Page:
herding breeds

Breed specific discussion of your favorite breed.

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Joined:Thu Apr 26, 2012 3:45 pm
herding breeds

Post by tj11 » Thu Apr 26, 2012 3:51 pm

hello everyone
I am looking to get a dog. I owned a chow and a samoyed before. I am looking to get a herding breed. what are some herding breeds that are friendly to strangers? I am looking to get involved with therapy work. I thought of a collie, sheltie, corgi or an aussie. thanks for the help

Joined:Mon Sep 12, 2011 2:04 pm

Re: herding breeds

Post by Flyby » Sat May 19, 2012 12:44 pm

Sorry TJ11, you're not getting many replies. I only drop in here once in a while for a look.

The only herding dogs I know locally are Border Collies, and they are bred to herd things. So much so if fact, unless you are herding sheep, they might be a bit of a handful to keep well exercised and mentally stimulated. Of all the working dogs I know, I think collies love to be working more than any other breed.

It depends what kind of therapy work you're thinking about, but Collies will try very hard to please you. :D

Joined:Sun Jun 26, 2011 6:45 am

Re: herding breeds

Post by Suzette » Sun May 20, 2012 7:51 am

Hi there. I have had two shelties in the past and adore that breed! One would have made a great therapy dog, he just had that type of personality. My female, on the other hand, though a fabulous family dog, wouldn't have thrived or done well in therapy as she had a whole different personality than my male.

Right now I have a Pembroke Corgi that I absolutely adore and who is a true social butterfly. :D She loves everyone and everything and would do extremely well as a therapy dog.

But honestly, I think in any breed you'll find exceptions both ways and lots of your success will hinge on first choosing a dog that has confidence and then building on that through training. :D :D
My avatar is Piper, my sweet Pembroke Corgi. b. 5/11/11

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Re: herding breeds

Post by Maxy24 » Tue May 22, 2012 1:18 pm

Most herding breeds are not stranger lovers, they are aloof with strangers but attached to their owners. They are not usually aggressive or nervous, just disinterested. Aussies are one of the more protective herding breeds. I'm sure there are exceptions, but if I were going for a therapy dog I'd want a breed or individual who really enjoyed strangers. I know a few people on another forum who have Corgis (pembrokes) that love strangers. Collies might be a good bet, I don't know enough about them but they don't seem to be as reserved, they also don't seem as prone to fear issues as something like a Border Collie. Perhaps ask around on some breed specific forums. Also the breeder you go to will make a difference, talk to the breeder about their dogs, meet their dogs, that will give you a better idea too. Just make sure whatever breed you choose is also a good fit for YOU, not just good for therapy work.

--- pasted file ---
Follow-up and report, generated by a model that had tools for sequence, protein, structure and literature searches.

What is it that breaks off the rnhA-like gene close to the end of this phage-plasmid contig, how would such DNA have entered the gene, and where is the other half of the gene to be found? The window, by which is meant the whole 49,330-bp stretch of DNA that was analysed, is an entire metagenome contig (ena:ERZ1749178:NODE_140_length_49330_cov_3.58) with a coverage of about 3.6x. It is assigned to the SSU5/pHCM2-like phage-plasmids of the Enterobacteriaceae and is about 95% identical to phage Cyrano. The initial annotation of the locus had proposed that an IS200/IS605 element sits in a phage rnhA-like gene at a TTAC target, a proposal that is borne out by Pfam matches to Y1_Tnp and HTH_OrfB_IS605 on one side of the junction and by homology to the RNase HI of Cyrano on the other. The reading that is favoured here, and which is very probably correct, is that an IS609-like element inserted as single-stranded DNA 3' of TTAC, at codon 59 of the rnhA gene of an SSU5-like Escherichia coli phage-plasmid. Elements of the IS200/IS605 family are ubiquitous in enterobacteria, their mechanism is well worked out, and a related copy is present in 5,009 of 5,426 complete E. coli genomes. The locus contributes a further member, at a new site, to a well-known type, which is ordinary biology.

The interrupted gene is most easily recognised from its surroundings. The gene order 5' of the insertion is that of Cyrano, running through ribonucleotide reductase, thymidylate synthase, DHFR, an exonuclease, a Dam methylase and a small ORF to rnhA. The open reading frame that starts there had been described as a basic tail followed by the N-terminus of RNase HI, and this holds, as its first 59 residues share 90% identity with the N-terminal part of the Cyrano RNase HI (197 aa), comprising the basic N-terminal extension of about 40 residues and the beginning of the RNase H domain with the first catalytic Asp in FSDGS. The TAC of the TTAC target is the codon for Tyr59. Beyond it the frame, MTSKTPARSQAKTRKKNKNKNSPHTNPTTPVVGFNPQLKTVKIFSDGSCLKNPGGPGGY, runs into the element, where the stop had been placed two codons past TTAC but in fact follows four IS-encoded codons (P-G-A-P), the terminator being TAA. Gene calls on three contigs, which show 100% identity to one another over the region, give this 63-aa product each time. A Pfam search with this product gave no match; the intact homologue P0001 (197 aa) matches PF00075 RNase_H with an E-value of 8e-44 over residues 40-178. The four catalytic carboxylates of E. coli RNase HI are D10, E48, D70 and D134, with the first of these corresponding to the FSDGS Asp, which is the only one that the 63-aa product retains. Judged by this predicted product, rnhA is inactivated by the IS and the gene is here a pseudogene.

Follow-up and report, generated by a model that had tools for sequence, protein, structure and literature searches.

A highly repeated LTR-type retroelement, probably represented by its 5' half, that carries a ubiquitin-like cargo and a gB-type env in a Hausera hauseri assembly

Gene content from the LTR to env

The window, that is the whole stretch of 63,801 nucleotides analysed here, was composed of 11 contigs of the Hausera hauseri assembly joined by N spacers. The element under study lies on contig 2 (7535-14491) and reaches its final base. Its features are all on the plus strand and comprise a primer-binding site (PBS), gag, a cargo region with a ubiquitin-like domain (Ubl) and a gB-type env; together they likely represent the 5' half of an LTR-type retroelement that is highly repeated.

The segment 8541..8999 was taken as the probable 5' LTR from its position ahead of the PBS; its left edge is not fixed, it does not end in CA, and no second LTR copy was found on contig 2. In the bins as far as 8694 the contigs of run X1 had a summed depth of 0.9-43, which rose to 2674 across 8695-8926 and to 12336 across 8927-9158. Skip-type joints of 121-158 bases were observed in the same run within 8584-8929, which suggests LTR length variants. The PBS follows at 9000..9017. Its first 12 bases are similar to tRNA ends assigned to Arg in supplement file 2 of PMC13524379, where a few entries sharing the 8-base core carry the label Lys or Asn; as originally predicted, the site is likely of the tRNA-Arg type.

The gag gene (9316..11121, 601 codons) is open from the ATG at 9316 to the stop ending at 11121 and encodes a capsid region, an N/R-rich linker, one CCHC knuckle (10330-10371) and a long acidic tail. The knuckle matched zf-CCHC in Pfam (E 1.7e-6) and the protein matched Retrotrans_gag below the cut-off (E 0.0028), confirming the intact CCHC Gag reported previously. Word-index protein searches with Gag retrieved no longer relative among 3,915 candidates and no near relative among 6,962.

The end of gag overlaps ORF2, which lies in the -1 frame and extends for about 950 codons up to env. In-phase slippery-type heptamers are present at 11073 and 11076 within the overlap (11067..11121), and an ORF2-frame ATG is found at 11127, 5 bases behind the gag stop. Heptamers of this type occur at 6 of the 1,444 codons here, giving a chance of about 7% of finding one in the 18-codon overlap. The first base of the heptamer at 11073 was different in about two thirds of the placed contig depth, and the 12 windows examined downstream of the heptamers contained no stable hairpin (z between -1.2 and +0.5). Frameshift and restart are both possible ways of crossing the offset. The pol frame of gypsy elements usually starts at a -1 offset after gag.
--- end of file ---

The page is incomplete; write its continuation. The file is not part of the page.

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Re: herding breeds

Post by sassynsweet » Wed Jun 20, 2012 6:55 pm

We have a 1 1/2 year old Aussie and I have to agree with the above poster, Aussie's (as well as the herding breeds in general) are typically more reserved with strangers and loving/close to their people. Ours has never bitten anyone, but has a pretty mean sounding "big girl bark" and doesn't like strangers in her space. Typically once we tell her it's okay and she sees the person is accepted by us she's all tail wags and kisses. I have heard of Aussie's making wonderful therapy dogs too though, so it really depends on the dog not the breed. Good luck with your search!
**Proud mommy to a tri-color Aussie & yellow Lab**

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Re: herding breeds

Post by smokeyandme » Tue Jul 10, 2012 7:44 pm

What about using mixed breeds? They are generally hardier, and somewhat less likely to have ingrained tendencies.
Don't jump on me, I have a purebred too! :D

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Re: herding breeds

Post by Nettle » Wed Jul 11, 2012 4:34 am

Mixed breeds still have the characteristics of their genetic background, so anyone wanting a dog for a specific purpose needs to KNOW (not just a dog rescue staff member's guess) what the breed mix is. Otherwise you set yourself up for failure.
A dog is never bad or naughty - it is simply being a dog


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